From releasing her debut single in 2020 to creating the soundtrack of a social media moment, Dréya Mac has quickly found her place in the expansive UK rap scene.

In her cover story for GAY TIMES, Dréya discusses her career so far, creating a viral hit and speaking her success into existence.

Following the popularity of her song Own Brand Freestyle featuring FelixThe1st and the release of debut EP Twenty One, Dréya’s reaching new heights with her sights set on world domination.

“It’s been very ‘go go go’ and it’s quite overwhelming, but it’s everything I’ve ever manifested. I haven’t actually had time to stop and appreciate what I’ve done, I just keep on going,” she says.

It’s not easy being a Black woman in a male-dominated, heteronormative genre of music. Yet, Dréya’s found her way and she’s forging her own path.

“As someone from where I come from, who looks like me and has my identity, it’s difficult to have self confidence,” she explains.

“We’re told that we shouldn’t be confident and we’re put down for simply being. So, I definitely try to inspire people to be themselves wholeheartedly through my music.

“It helps me too, when I write a lyric into a song, it’s permanent so speaking my confidence into existence is like therapy.”

Clearly, her voice is having an impact, as the rising star has over 1.5 million followers on TikTok. The rapper, singer, choreographer and director is known for immersing herself in the process of creating her art.

“I like to be involved in the entire process because they’re my songs, it’s my video and I’m privileged enough to know how to choreograph and direct,” she says. “In the editing process, I’m there until 3am, during grading I’m in the studio.

“It’s annoying, I know, and the team are probably like ‘can she get out?’ but I really care so I want to be involved at every step.”

The multi-hyphenate found it challenging at times to reconcile all of her talents: “I think before that EP people didn’t know I could sing and it used to irritate me so I wanted to showcase that I could.”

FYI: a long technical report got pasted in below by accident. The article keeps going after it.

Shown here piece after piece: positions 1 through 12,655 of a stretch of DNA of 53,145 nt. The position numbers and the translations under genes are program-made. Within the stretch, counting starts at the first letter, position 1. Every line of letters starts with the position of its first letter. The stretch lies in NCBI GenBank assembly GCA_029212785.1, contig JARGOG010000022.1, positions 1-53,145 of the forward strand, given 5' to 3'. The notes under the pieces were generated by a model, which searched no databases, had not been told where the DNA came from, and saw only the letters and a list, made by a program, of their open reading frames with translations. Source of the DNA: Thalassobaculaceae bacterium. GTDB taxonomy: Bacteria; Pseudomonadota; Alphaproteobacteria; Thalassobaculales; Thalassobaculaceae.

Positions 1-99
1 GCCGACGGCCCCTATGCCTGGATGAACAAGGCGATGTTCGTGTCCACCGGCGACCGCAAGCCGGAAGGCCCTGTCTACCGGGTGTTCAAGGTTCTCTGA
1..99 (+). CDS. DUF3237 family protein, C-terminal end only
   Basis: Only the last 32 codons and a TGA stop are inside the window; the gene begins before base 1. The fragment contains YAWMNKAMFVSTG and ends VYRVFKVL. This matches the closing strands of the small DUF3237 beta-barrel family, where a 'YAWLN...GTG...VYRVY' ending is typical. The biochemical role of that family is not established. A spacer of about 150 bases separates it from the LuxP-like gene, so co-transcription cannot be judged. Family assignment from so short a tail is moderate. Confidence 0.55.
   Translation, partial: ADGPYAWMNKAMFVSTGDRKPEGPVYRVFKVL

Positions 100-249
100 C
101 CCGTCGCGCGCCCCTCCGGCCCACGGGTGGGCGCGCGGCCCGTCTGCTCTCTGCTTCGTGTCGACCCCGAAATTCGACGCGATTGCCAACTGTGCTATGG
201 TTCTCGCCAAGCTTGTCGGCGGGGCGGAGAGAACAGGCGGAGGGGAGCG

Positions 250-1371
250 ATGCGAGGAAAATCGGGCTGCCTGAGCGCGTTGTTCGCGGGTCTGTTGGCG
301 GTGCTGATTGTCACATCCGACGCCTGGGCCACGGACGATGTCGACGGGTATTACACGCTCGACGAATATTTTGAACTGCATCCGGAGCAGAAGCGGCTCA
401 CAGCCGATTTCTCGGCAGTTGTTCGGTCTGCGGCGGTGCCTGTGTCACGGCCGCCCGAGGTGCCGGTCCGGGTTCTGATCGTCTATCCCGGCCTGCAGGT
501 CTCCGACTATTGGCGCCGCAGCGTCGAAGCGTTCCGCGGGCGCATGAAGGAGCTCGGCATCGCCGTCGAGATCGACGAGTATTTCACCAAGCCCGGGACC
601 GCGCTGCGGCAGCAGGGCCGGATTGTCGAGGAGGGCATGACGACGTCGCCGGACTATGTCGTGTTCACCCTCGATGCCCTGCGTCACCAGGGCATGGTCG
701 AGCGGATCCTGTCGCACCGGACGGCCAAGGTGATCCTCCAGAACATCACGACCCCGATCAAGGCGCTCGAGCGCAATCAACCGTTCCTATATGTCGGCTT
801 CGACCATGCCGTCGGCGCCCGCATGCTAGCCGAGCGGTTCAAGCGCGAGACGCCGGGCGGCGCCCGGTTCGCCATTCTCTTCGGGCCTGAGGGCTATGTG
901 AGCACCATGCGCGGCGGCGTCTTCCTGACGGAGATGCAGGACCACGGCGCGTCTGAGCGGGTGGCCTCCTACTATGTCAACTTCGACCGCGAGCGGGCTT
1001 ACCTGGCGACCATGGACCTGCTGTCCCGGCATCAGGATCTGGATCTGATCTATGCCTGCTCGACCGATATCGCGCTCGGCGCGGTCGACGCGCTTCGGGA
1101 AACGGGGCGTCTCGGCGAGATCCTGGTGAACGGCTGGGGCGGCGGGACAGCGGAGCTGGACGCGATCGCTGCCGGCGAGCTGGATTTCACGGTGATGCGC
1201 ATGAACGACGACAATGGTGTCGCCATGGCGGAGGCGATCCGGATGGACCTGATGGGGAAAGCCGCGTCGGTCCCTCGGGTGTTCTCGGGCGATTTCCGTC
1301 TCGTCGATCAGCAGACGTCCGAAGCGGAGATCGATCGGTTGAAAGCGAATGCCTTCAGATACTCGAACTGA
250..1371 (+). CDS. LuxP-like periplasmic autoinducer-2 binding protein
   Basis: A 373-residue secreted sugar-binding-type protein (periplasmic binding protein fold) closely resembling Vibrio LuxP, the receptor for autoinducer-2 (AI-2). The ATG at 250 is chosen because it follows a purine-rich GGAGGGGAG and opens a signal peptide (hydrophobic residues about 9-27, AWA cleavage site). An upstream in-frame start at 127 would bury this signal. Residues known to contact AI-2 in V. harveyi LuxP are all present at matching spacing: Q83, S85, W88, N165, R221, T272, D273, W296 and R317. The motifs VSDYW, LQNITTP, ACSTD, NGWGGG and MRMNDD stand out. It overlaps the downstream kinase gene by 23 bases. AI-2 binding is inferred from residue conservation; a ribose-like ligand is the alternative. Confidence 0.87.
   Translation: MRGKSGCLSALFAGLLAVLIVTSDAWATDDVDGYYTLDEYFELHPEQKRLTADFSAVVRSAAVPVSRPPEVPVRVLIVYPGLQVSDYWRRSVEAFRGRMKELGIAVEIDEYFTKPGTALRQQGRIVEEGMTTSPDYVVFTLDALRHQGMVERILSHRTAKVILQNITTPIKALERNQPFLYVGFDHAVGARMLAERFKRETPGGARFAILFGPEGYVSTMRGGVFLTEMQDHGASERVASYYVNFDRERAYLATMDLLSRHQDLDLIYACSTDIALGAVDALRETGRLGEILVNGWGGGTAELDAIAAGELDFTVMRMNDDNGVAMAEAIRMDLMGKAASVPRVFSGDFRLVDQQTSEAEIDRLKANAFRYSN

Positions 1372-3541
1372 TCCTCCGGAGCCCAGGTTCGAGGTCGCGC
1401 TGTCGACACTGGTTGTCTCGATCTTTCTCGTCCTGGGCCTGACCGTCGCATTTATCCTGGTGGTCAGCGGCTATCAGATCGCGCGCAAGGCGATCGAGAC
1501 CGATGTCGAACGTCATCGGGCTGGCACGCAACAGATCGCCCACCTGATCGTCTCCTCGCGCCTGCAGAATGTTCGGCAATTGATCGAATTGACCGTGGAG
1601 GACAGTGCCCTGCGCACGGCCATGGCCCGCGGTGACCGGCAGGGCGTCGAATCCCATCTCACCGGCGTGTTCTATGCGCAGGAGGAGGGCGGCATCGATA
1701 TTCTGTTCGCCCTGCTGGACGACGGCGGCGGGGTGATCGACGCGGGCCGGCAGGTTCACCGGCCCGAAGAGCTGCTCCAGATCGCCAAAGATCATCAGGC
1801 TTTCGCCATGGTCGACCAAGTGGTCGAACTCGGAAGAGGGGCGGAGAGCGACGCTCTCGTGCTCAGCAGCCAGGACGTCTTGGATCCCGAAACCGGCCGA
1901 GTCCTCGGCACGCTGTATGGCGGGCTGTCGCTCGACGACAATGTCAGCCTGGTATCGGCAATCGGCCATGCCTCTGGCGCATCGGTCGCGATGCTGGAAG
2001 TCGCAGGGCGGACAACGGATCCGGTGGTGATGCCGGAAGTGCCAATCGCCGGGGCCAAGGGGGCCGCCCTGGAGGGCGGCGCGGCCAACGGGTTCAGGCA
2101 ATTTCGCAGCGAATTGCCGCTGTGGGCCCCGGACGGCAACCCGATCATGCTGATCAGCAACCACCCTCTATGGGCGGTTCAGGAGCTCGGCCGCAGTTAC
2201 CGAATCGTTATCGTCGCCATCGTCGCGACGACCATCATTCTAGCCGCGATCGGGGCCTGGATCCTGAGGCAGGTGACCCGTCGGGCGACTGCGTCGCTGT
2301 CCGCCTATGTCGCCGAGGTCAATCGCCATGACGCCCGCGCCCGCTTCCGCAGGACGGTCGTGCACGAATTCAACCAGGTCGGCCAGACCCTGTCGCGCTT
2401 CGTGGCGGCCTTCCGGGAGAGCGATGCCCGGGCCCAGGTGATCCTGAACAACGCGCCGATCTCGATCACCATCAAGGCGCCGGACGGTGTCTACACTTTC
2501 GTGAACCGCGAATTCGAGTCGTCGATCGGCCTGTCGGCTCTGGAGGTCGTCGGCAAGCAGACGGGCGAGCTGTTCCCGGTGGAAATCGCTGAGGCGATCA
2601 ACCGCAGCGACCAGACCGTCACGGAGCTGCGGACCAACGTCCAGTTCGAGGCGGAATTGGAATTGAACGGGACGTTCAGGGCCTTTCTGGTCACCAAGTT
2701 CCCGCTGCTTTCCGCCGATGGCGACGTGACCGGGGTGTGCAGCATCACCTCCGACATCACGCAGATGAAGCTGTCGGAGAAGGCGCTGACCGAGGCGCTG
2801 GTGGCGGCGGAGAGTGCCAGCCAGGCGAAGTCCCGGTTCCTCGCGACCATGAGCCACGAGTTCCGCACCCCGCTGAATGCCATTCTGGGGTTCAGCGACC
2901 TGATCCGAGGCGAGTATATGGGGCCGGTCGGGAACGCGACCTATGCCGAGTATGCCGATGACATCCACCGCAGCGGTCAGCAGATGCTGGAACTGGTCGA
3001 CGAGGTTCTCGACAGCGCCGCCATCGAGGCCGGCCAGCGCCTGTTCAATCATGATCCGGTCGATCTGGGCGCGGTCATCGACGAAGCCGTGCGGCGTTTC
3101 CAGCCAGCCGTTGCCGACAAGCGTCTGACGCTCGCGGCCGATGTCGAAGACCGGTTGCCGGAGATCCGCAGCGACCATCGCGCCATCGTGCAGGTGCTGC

Yet, there’s an unwavering confidence in the content of her art: “I realised quite late after I started music that saying ‘her’ and ‘she’ and talking about my girl in my songs whilst being a woman made an impact.

“Me doing this is actually giving my community songs they can sing along and relate to because yeah, we can sing along to men talking about women, but we still can’t relate.

“It’s a big deal because we’ve just not had this representation before. I’m really an accidental activist.”

Dréya acknowledges that she wouldn’t be where she is without the backing of her fans.

“My supporters pretty much make me,” she says. “I don’t do stuff for them, but I release music about myself, for them. They stream my songs and make me feel good about myself so I want to do the same thing for them.”

The artist is only getting started at showing the world what she’s capable of: “In the next year expect an incredible project, as well as singles in the lead up. I’m feeding it all in slowly, working my way up.”

The brand new issue of GAY TIMES also features interviews with Bros star Ts Madison, Queerpiphany’s chaotic duo Munroe Bergdorf and Tayce, as well as features on the wonderful world of the UK ballroom scene and a British history of Black queer spaces over the past few decades.

You can read our full interview with Dréya Mac from 16 September via the GAY TIMES app, Apple News+, Readly, and Flipster.